Wednesday, November 02, 2016
Federal grand jury indicts four Jasper County residents on child pornography charges
Court records indicate indictments were handed down against Casey Robert Caudle, 33, Joplin,(pictured) Brian G. Long, 38, Oronogo, Aaron Sean Fletcher, 31, and Martin Vern Ellis, 26, Carl Junction.
The indictments allege Long was receiving and distributing child pornography from at least June 5 through August 31, Caudle from August 19, 2015, to June 22, 2016, Fletcher from September 11 through October 24 and Ellis from April 24, 2015, through October 17, 2016.
Court records did not provide any details about the offenses allegedly committed by Long, Caudle, and Fletcher, but Ellis was arrested earlier this year for the same offense, an arrest that is superceded by the indictment.
A detention motion filed October 24 by Assistant U. S. Attorney James Kelleher explained why Kelleher thought Ellis should remain behind bars:
The defendant was a highly sophisticated consumer and distributor of child pornography.
The defendant was the subject of at least three separate child pornography investigations.
There is evidence to indicate that the defendant was actively trading child pornography with other users.
The defendant possessed large collections of children being subjected to extreme acts of sexual violence.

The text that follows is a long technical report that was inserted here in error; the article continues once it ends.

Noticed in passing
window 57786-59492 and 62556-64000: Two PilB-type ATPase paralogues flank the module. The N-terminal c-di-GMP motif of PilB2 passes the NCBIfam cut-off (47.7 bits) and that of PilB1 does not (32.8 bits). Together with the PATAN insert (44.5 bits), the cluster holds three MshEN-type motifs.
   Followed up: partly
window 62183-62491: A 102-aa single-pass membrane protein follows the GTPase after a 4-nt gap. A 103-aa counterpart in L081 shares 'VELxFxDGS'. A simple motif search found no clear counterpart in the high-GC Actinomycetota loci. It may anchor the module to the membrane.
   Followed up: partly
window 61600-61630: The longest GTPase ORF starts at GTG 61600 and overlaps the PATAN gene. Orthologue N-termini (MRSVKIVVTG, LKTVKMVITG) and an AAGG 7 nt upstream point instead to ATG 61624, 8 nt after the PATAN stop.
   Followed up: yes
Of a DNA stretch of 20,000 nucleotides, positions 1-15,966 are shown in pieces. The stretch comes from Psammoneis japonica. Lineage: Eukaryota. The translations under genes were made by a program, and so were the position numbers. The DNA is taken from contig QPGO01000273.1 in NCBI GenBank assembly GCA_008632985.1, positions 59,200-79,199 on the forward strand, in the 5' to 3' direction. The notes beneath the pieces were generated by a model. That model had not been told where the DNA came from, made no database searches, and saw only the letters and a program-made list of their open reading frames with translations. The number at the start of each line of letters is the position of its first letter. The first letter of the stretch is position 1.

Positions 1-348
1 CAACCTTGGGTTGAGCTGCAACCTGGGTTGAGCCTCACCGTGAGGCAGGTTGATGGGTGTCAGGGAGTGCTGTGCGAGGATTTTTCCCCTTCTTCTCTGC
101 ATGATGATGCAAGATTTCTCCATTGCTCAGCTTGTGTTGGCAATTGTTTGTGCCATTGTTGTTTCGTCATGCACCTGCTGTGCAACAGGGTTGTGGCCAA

The defendant confessed to receiving and distributing child pornography.
This case involves a minor victim.
In his probable cause affidavit, Joplin Police Department officer Charles Root, working for the Southwest Missouri Cyber Crimes Task Force, wrote that Ellis admitted to viewing child pornography during the initial interview with authorities at his home:
Ellis admitted to searching for and viewing child pornography beginning when he was 18 years old. He indicated that his preference is for seven-year-old females.
Ellis told officers about the types of file sharing software he used and said he did not know when the last time he looked at child porn was, but "it might have been last week."
When he was asked what types of child pornography would be found on his computer, Ellis provided complete details:
Ellis responded that his computer contained sexually explicit imagery of children, some as young as infants, engaging in sex acts with other children, as well as with both adult males and females. Ellis also acknowledged that he possessed images of children engaged in sadomasochistic acts.
When the officers examined the computers, they found pictures of children "tied to beds and chairs while being sexually abused," according to the affidavit.